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Medicine and Resistance

  • Some drugs just relieve the symptoms, but others actually cure the problem.
  • Antibiotics kill or prevent the growth of the bacteria without damaging the bodies own cells.
  • They don't destroy viruses because they reproduce using the body's own cells, which make them difficult to kill without damaging the body cells.
  • Bacteria can randomly genetically mutate to become resistant to an antibiotic.
  • When you take antibiotics only the non-resistant bacteria will be killed. 
  • This means a new strain could spread quickly within a population of people.
  • To slow down the rate of development of resistant strains, doctors avoid over-prescribing antibiotics.
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The Nervous System

  • Sense organs detect stimuli.
  • Sense organs contain receptors, a group of cells sensitive to a stimulus.
  • The CNS contains the brain and spinal cord. This coordinates a response.
  • Neurones  transmit the information as electrical impulses.
  • Instructions are sent to the effectors (muscles and glands).
  • The five sense organs are: the eyes; the ears; the nose; tongue; skin.
  • They all contain different receptors which are sensitive to a stimulus.
  • They can simulus energy into electrical impulses.
  • A stimulus can be light, sound, touch, pressure, pain, chemical or a change in position or temperature.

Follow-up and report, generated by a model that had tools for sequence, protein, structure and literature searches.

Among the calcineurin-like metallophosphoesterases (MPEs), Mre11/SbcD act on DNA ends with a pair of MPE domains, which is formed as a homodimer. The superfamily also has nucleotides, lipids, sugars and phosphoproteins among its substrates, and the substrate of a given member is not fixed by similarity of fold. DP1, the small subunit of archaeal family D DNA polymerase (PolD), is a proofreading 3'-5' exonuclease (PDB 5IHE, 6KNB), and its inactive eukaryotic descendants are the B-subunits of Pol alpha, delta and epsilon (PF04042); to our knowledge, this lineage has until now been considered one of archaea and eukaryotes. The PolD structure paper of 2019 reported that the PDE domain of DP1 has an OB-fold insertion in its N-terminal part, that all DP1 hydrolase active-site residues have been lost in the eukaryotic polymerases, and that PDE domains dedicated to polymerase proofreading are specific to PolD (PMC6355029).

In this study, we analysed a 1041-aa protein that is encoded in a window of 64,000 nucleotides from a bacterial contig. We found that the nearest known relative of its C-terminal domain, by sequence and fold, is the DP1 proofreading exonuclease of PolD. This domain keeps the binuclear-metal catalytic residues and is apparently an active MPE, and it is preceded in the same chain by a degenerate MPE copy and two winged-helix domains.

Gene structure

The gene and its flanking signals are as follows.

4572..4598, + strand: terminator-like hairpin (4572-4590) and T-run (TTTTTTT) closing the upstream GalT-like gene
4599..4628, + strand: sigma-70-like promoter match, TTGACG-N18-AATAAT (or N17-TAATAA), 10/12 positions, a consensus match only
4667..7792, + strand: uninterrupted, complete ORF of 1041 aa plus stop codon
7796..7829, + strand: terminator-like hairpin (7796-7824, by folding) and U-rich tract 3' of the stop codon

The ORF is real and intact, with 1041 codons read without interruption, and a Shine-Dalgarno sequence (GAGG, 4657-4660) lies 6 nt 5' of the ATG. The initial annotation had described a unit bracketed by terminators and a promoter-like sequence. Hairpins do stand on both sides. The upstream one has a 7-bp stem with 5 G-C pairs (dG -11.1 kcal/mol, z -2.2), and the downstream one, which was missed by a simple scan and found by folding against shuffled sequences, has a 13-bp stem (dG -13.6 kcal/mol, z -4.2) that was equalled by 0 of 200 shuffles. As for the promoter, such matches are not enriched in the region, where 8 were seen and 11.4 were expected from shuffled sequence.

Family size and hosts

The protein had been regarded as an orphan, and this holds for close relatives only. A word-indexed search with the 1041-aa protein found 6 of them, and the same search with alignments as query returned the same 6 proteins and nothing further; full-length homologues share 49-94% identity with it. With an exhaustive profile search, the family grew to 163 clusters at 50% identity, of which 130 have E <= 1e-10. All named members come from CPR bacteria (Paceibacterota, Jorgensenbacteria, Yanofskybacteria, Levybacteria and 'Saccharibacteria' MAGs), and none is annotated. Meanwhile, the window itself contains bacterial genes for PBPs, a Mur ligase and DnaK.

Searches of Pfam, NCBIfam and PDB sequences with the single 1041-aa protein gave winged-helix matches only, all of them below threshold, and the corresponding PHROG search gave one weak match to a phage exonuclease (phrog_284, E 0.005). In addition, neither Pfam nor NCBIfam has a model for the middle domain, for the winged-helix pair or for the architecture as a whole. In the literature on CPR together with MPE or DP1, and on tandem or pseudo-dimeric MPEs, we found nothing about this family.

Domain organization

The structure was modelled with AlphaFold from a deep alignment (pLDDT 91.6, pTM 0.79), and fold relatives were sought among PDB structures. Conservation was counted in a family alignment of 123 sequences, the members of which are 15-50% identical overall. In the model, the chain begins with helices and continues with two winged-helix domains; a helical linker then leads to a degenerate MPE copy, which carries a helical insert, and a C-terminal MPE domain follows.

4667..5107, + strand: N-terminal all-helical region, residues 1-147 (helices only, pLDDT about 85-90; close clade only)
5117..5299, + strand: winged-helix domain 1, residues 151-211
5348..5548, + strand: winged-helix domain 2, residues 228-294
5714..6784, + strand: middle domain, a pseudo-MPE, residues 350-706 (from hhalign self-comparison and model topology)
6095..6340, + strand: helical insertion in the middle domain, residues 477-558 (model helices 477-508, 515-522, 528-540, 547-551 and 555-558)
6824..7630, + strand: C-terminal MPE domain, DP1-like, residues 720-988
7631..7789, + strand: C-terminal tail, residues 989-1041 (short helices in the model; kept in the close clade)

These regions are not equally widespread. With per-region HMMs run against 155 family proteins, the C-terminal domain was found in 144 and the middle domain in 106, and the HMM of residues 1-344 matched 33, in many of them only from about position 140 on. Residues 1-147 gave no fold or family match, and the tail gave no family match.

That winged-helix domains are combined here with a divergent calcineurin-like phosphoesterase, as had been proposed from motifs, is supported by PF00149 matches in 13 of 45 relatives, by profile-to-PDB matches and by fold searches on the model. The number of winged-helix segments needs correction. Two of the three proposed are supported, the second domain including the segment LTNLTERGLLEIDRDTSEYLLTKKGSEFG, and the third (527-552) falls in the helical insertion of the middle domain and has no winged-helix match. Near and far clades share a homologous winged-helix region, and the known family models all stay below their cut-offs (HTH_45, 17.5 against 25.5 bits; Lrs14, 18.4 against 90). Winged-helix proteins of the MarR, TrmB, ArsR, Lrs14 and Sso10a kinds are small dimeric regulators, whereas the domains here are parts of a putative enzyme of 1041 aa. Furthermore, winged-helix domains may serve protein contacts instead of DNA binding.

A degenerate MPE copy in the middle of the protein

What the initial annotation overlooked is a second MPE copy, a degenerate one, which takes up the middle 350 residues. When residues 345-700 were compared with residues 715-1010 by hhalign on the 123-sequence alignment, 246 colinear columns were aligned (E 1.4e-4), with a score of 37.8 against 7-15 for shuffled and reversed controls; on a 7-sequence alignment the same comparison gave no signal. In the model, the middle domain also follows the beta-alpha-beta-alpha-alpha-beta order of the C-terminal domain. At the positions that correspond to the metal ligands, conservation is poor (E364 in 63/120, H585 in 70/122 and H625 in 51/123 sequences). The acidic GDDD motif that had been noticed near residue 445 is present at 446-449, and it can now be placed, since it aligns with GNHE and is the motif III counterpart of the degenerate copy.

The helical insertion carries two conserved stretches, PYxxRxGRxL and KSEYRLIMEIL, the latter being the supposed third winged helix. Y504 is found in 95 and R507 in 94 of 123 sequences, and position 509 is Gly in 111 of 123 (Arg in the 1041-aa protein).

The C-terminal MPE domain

• Muscles and glands are known as effectors. They respond in different ways. Muscles contract in response to a nervous impulse, whereas glands secrete hormones.
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  • Neurones transmit information very quickly to and from the brain.
  • Sensory: the nerve cells that carry signals as electrical impulses from the receptors in the sense organs to the CNS.
  • Relay: the nerve cells that carry signals from sensory neurones to motore neurones.
  • Motor: the nerve cells that carry signals from the CNS to the effector muscles or glands.
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  • The connection between two neurones is called a synapse.
  • The nerve signal is transferred by chemicals which diffuse across the gap.
  • These chemicals then set off a new electrical signal in the next neurone.
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  • Reflexes are an automatic response to certain stimuli.
  • They can reduce the chance of being injured.